How to monitor activities of privileged users?

Keeping track of privilege users' activities may enable an organization to protect critical assets, meet compliance requirements and mitigate both external threats and insider threats.

Review privileged users activities Free, fully functional 30-day trial
  • With Native AD Auditing

  • With ADAudit Plus

ADAudit Plus is real-time, web-based Windows Active Directory change reporting software that audits, tracks and reports on Windows (Active Directory, workstations logon/logoff, file servers and servers), NetApp filers and EMC servers to help meet the most-needed security, audit and compliance demands. Track authorized/unauthorized AD management changes, access of users, GPO, groups, computer and OU. Also, track every file and folder modifications, access and permissions changes with 200+ detailed event-specific reports and instant emails alerts. These reports can be exported into XLS, HTML, PDF and CSV formats to assist in interpretation and computer forensics.

You can configure these reports to be automatically generated and emailed to you at specified intervals. You can also export these reports to a format of your choice. Here is how you can track activities of privileged users using ADAudit Plus:

Login to ADAudit Plus → Go to the Reports tab → Under Account Management → Navigate to Administrative User Actions.

  • file access report
    • The details you can get in this report are:
      1. User Name of the privileged account that made the changes
      2. The time when the changes were made
      3. The computer or server in which the changes were made from
      4. The description of the changes made.
  • file access report
  • With this report, you can track the activities of your privileged users. This in turn will let you monitor any significant changes happening in your domain.

With native auditing, here is how you can track activities of privileged users:

  • Step 1: Identify the privileged user accounts.
    • If a member satisfies any of the below mentioned criteria, they can be identified as privileged users.
      1. Users/Groups who are members of any administrative groups.
      2. Users/Groups who have received administrative privileges through their Organizational Unit.
      3. Local user accounts and service accounts that may have received administrative privileges locally on domain controllers.
      4. Users who have received privileges to reset passwords and unlock the accounts of other users.
      5. Users having administrative privileges by which they can access Service Accounts.
      6. Users who have write access to Group Policy Objects related to domain controllers.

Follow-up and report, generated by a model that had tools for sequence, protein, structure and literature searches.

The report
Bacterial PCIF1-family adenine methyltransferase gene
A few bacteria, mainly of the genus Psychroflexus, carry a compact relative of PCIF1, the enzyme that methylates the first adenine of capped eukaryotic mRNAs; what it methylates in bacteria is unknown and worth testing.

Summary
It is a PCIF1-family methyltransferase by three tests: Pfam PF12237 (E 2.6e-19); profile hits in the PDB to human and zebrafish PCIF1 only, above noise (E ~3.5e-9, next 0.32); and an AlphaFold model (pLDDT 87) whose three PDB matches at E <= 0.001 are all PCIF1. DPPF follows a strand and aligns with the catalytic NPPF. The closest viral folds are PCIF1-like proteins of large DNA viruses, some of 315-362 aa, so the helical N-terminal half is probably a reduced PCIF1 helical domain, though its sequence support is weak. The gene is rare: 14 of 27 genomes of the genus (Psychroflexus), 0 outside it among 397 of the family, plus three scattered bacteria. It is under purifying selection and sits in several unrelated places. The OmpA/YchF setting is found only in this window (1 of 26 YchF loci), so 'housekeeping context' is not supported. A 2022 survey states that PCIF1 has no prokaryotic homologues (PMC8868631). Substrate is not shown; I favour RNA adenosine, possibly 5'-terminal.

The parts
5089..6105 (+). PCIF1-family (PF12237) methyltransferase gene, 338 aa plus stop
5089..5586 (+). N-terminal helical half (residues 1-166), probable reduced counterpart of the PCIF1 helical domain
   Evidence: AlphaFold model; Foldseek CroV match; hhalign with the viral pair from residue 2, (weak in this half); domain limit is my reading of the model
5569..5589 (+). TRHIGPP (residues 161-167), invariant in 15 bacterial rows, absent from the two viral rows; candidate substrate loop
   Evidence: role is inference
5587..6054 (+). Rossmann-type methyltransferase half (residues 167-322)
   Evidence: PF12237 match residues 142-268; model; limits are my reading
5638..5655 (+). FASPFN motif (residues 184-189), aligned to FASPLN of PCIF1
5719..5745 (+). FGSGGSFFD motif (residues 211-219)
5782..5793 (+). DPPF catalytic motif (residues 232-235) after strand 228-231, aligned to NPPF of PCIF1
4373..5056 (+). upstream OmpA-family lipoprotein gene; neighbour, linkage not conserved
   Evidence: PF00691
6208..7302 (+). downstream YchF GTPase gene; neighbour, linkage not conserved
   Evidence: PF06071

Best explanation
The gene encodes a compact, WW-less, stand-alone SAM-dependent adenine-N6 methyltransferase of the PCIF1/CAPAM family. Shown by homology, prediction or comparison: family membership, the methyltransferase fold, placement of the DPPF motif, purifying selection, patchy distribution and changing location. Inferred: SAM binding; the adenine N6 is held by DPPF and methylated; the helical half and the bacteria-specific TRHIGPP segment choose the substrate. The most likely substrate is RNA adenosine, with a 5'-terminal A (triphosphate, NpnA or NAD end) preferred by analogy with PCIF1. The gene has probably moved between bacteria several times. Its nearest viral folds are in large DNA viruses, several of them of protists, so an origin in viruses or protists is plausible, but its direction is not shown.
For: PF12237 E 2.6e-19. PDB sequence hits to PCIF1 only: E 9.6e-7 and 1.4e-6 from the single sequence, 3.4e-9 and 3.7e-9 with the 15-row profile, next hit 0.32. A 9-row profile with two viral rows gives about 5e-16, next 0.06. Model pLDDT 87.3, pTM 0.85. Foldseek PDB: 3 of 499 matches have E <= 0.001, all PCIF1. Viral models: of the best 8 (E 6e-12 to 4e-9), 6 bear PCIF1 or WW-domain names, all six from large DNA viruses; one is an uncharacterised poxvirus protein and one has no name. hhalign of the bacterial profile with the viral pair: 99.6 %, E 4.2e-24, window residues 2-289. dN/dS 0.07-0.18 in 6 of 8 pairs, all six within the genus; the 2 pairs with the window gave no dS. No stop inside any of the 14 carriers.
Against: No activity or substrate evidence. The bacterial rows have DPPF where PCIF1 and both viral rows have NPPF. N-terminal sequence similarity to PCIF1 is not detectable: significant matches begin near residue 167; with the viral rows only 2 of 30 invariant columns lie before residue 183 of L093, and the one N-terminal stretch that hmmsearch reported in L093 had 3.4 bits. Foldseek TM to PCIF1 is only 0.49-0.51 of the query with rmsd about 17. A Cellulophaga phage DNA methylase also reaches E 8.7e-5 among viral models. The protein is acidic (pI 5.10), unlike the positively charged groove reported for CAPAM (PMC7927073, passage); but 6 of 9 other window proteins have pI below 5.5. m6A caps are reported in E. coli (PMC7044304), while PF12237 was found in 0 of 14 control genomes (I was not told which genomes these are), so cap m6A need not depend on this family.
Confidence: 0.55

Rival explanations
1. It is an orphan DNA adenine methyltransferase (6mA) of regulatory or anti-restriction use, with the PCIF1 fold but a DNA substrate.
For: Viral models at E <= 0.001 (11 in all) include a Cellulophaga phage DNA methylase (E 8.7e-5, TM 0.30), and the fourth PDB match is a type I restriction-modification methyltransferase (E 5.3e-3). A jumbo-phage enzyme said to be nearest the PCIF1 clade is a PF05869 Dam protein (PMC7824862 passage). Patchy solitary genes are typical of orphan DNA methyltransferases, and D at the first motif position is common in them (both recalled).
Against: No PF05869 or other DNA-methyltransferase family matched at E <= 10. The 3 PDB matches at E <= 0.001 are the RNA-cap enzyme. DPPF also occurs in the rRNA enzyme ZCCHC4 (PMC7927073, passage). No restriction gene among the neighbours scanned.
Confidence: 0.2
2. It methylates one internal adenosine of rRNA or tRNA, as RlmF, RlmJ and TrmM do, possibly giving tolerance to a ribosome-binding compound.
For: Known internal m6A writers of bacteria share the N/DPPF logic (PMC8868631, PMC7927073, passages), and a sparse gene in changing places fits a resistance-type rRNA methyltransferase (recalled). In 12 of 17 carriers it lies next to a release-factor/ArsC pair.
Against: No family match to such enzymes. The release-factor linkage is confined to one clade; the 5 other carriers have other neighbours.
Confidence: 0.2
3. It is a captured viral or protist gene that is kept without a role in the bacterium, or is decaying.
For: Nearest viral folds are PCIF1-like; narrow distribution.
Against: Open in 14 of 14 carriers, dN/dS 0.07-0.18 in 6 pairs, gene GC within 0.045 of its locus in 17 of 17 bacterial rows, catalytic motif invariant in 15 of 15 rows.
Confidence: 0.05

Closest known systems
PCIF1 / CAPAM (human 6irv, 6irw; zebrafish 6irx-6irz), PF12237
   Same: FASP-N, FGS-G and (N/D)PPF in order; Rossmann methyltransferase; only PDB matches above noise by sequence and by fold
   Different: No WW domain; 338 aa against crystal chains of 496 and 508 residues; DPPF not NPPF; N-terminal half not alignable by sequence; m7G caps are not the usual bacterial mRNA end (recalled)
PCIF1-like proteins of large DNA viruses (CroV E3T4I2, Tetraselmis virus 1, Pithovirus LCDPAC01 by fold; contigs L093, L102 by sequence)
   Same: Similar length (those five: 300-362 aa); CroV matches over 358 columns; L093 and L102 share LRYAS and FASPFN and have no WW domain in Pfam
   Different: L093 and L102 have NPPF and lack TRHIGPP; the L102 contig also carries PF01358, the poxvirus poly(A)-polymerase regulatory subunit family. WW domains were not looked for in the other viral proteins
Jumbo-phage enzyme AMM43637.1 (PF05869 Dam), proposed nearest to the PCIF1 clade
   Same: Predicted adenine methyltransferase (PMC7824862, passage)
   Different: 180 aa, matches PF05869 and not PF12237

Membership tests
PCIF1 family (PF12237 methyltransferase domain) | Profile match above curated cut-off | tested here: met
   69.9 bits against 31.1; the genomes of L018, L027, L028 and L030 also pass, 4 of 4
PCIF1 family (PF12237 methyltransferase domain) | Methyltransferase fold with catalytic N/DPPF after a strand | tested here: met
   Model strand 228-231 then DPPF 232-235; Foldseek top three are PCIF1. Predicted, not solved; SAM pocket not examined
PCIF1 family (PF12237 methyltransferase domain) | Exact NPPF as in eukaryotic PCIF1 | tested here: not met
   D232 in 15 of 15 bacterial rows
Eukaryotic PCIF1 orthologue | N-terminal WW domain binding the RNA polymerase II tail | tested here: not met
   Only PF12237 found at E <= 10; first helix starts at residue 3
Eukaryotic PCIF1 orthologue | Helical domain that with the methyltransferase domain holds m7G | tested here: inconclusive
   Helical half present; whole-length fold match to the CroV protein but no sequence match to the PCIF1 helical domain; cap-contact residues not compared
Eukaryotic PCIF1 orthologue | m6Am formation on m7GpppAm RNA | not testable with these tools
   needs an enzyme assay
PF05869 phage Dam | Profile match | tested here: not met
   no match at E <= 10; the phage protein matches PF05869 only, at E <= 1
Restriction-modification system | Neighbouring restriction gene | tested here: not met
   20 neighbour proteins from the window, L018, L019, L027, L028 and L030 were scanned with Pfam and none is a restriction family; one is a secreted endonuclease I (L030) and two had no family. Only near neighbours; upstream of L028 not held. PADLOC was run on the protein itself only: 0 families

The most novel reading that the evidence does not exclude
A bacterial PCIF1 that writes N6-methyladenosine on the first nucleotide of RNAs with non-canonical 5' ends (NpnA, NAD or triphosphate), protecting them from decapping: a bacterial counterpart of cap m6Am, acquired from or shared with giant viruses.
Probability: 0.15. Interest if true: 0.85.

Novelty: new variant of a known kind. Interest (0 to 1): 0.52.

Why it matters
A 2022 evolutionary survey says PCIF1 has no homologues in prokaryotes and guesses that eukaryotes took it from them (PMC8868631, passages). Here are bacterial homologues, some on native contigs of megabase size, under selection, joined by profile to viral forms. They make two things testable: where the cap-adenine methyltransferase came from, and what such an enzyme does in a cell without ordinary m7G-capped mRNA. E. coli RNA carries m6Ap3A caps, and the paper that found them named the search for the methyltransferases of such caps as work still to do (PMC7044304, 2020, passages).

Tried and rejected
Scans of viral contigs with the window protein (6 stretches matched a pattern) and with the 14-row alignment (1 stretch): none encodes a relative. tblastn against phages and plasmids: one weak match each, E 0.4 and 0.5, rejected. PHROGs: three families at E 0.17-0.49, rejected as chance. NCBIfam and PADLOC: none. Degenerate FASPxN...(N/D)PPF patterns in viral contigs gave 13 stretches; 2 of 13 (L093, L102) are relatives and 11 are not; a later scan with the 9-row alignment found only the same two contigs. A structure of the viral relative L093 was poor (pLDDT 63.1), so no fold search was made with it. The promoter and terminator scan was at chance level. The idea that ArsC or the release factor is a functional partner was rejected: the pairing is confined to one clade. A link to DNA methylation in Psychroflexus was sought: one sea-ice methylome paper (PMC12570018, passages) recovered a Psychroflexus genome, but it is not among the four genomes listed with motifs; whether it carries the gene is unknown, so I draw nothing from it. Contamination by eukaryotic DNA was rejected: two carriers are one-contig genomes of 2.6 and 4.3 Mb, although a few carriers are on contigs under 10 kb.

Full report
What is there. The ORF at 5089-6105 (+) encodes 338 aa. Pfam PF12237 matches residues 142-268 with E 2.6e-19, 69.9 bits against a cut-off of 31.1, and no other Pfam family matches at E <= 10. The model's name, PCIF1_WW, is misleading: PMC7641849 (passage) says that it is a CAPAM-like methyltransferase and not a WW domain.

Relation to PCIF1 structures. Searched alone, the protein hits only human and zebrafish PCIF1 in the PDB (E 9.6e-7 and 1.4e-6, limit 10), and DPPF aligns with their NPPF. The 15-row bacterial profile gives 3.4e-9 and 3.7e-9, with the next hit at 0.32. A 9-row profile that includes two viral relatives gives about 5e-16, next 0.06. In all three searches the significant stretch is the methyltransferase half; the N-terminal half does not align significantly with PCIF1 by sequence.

7. Users who have access to any application that manages Active Directory. Users who are administrator of the Virtual System Environment.
  • You can list all privileged users by using Active Directory Users and Computers and Group Policy Management Console.

    To discover other privileged user accounts you may also have to run customized scripts. For instance, every member of any administrative group is a privileged user.

  • Step 2: Enabling the required audit policies
  • Launch Server Manager in your Windows Server instance.

  • Under Manage, select Group Policy Management and launch the Group Policy Management console.

  • Navigate to Forest → Domain → Your domain → Domain Controllers.

  • Create a new GPO and link it to the domain containing the user object, or edit any existing GPO that is linked to the domain to open the Group Policy Management Editor.

  • Navigate to omputer Configuration → Windows Settings → Security Settings → Local Policies → Audit Policy.

  • The Audit Policy lists all of its sub-policies in the right panel, as shown in Figure 1.

  • Select the policies you want to enable for both its successful and failure events. In the event of multiple failures, the organisation can initiate security protocol, if necessary.

  • Click Apply and OK to close Properties window.

  • Step 3: Configuring the advanced audit policy
  • Launch Server Manager in your Windows Server instance.

  • Under Manage, select Group Policy Management and launch the Group Policy Management console.

  • Navigate to Computer Configuration → Policies → Windows Settings → Security Settings → Advanced Audit Policy Configuration. Select Audit Policies.

  • Force audit policy subcategory settings to override audit policy category settings in Group Policy to make sure that basic auditing is disabled.

  • Decide on the policies you want to enable and select both Success and Failure options.

  • Step 4: View events using Windows Event Viewer
    • After enabling the auditing, you can use Event Viewer to see the logs and investigate events. Follow the below mentioned steps:
      1. Click on Start → Administrative Tools → Event Viewer
      2. Click Windows Logs and select Security. You will see all the events logged in security logs.
      3. Make a search using Find option to see events for a specific privileged account or create a custom view to show the events generated by a particular user only.

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